One day every winter, Wake County, N.C., counts its homeless. In the wee hours of the morning on that appointed day, staff from the county Human Services Department and Raleigh-area nonprofit and faith-based organizations load up their cars with food and clothing, and head to highway underpasses, cemeteries and campsites hidden in the woods behind the rail yard. They add the people they find there to the numbers spending the night in area shelters. It’s difficult work, says David Harris, the county’s director of housing services. The temperature hovers around freezing. Sometimes it rains. But mostly it’s that the homeless don’t want to be counted—most are drug addicts, upward of 20 percent have mental illness and they generally want to protect the last shred of privacy they have left. Last year local newspapers publicized the count ahead of time. “The homeless hid,” says Harris. “They knew we were coming.” As a result, the 2005 count netted only 1,106 individuals, a finding that severely underestimated what the community knew about its homeless problem.
The less-publicized 2004 count found 1,235 homeless people, yet all the evidence indicates that Wake County’s homeless population is growing, not shrinking. In Raleigh, someone earning the $5.15 an hour minimum wage would need to work 119 hours a week in order to afford a two-bedroom apartment at fair-market rent. Census data indicates that 15,000-plus Wake County residents are living with friends or family because they can’t afford a place of their own. Studies show that this group is at extreme risk for homelessness, and many drift in and out of shelters and transitional housing at some point in the year. The result is that family homelessness in Wake County is rising 11 percent a year (and overall homelessness by about 20 percent a year). “The one-night count isn’t just inaccurate, it’s inadequate,” says Richard Fitzgerald, resource consultant for the Raleigh Rescue Mission.
Yet the face-to-face count has long been the only way to ensure that the same person isn’t counted twice. In order to get a more accurate sense of its homeless population, county officials and representatives from area nonprofit and faith-based organizations developed a plan to improve collaboration among the various agencies that serve the homeless, the jobless, the poor and anyone else considered at risk. At the heart of this goal is a homeless management information system (HMIS) that government and nongovernmental groups alike can use to create a single view of each homeless person in Wake County, track these people across the breadth of resources they use, and provide more informed and targeted services. Slightly more than a year after its October 2004 launch, 16 organizations are using the HMIS, and additional organizations, including local schools and hospitals, will be using it soon. And while Wake County will still hit the streets to count its homeless this winter (the one-night count is a U.S. Department of Housing and Urban Development requirement), county officials now have real numbers from the HMIS they can use to obtain the appropriate level of resources from government and private-sector contributors.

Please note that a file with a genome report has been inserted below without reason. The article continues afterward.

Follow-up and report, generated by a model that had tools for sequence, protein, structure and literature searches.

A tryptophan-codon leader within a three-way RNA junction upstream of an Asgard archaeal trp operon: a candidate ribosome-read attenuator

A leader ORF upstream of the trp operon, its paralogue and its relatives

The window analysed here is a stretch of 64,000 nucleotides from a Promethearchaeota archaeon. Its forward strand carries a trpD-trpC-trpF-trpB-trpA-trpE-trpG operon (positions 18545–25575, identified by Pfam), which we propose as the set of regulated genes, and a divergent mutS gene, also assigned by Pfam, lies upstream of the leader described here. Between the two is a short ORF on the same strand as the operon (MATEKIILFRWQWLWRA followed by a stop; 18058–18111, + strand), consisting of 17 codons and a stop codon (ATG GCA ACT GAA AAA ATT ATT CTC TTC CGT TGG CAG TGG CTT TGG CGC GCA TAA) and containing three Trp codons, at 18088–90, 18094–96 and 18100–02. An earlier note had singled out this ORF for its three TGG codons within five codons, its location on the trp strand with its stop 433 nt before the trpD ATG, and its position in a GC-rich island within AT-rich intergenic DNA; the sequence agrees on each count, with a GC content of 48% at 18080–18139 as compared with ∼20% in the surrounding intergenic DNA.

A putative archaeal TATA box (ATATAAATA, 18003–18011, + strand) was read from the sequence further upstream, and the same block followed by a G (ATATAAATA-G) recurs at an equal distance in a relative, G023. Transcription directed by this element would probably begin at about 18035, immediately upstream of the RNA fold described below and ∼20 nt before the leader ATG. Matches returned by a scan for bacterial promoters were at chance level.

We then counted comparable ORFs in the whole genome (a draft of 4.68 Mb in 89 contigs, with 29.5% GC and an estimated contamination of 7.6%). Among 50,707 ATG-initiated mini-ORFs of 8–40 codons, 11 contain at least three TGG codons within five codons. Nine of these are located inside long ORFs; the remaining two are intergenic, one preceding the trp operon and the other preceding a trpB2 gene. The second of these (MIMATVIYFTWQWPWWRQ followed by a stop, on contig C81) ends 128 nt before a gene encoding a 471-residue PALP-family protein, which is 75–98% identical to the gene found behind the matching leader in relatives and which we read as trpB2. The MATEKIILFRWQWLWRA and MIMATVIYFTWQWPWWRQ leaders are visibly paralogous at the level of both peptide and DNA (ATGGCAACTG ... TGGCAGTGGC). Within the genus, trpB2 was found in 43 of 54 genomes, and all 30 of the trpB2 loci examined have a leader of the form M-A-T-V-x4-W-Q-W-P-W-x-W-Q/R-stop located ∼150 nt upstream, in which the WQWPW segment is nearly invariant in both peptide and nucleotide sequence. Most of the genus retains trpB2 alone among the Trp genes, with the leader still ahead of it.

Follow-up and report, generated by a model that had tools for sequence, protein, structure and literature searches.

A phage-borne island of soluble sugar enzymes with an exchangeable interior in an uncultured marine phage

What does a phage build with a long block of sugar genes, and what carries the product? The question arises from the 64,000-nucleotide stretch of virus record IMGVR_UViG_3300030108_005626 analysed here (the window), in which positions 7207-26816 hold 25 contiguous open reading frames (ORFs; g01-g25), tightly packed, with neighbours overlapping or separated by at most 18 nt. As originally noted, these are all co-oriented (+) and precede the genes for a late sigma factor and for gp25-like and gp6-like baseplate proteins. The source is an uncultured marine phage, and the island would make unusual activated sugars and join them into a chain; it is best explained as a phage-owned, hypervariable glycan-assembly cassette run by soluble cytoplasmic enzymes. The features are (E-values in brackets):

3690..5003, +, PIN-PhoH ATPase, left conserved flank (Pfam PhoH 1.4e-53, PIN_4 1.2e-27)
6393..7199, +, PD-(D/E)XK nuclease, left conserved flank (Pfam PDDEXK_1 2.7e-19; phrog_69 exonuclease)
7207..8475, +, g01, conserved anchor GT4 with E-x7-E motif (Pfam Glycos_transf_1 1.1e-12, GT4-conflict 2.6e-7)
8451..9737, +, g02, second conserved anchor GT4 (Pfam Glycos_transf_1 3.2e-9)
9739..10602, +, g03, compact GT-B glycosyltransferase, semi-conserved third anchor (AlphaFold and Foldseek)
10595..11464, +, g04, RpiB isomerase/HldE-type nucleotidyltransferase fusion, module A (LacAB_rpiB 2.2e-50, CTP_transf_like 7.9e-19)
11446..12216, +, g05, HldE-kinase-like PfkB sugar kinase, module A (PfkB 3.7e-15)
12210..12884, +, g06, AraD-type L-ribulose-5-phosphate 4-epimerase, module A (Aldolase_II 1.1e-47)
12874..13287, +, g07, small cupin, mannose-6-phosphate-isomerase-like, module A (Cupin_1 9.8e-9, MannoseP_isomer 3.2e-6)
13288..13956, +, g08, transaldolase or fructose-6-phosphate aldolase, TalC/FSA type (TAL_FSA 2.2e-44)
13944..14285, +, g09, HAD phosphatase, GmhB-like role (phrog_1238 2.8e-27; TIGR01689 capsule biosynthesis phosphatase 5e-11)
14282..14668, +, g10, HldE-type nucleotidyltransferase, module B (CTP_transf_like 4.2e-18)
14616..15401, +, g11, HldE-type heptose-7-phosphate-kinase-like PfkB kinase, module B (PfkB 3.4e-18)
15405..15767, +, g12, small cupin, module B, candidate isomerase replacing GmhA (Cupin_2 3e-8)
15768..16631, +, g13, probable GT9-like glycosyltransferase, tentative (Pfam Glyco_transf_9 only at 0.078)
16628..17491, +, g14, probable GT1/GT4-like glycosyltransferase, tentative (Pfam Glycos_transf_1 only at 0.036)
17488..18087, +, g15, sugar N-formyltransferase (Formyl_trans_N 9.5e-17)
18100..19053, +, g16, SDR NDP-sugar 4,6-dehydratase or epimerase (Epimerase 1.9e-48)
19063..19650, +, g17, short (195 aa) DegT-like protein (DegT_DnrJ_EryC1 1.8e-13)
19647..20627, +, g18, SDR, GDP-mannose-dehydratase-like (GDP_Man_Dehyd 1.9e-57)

Between those additional grants and improved efficiency, the HMIS is poised to save Wake County millions of dollars. In addition, other communities nationwide are turning to Wake County as a model, not just for its database system, but for how to get different groups with different agendas to work together.
Despite its success, this collaboration project almost didn’t get off the ground. Concerns about the confidentiality of homeless people in the system, distrust of the county departments that were leading the project and a reluctance to change the long-followed process were all issues that nearly stopped the project dead in its tracks. While many of these concerns predated the HMIS, the project’s leaders realized that they needed to deal with these issues before they could make any further progress. So rather than forcing a system on reluctant users, the project leaders confronted each of these issues head-on and designed the system to meet the community members’ concerns. The Wake County story contains important change management lessons for any CIO implementing a major IT project.
“A system can be an easy scapegoat,” says David Stratton, the IT manager for Wake County’s Human Services Department. “Projects like this tend to be a lightning rod for any unresolved issues in a community.”
A History Lesson
In 1996 HUD radically changed the way it gave funding to agencies that provide services to the homeless. Instead of considering grant applications from each agency, it decided to consider applications that came from the larger communities, local groups that HUD dubbed Continuums of Care (CoC). The change forced the various organizations dealing with the homeless within each community to collaborate. Today there are more than 400 CoCs covering the entire country.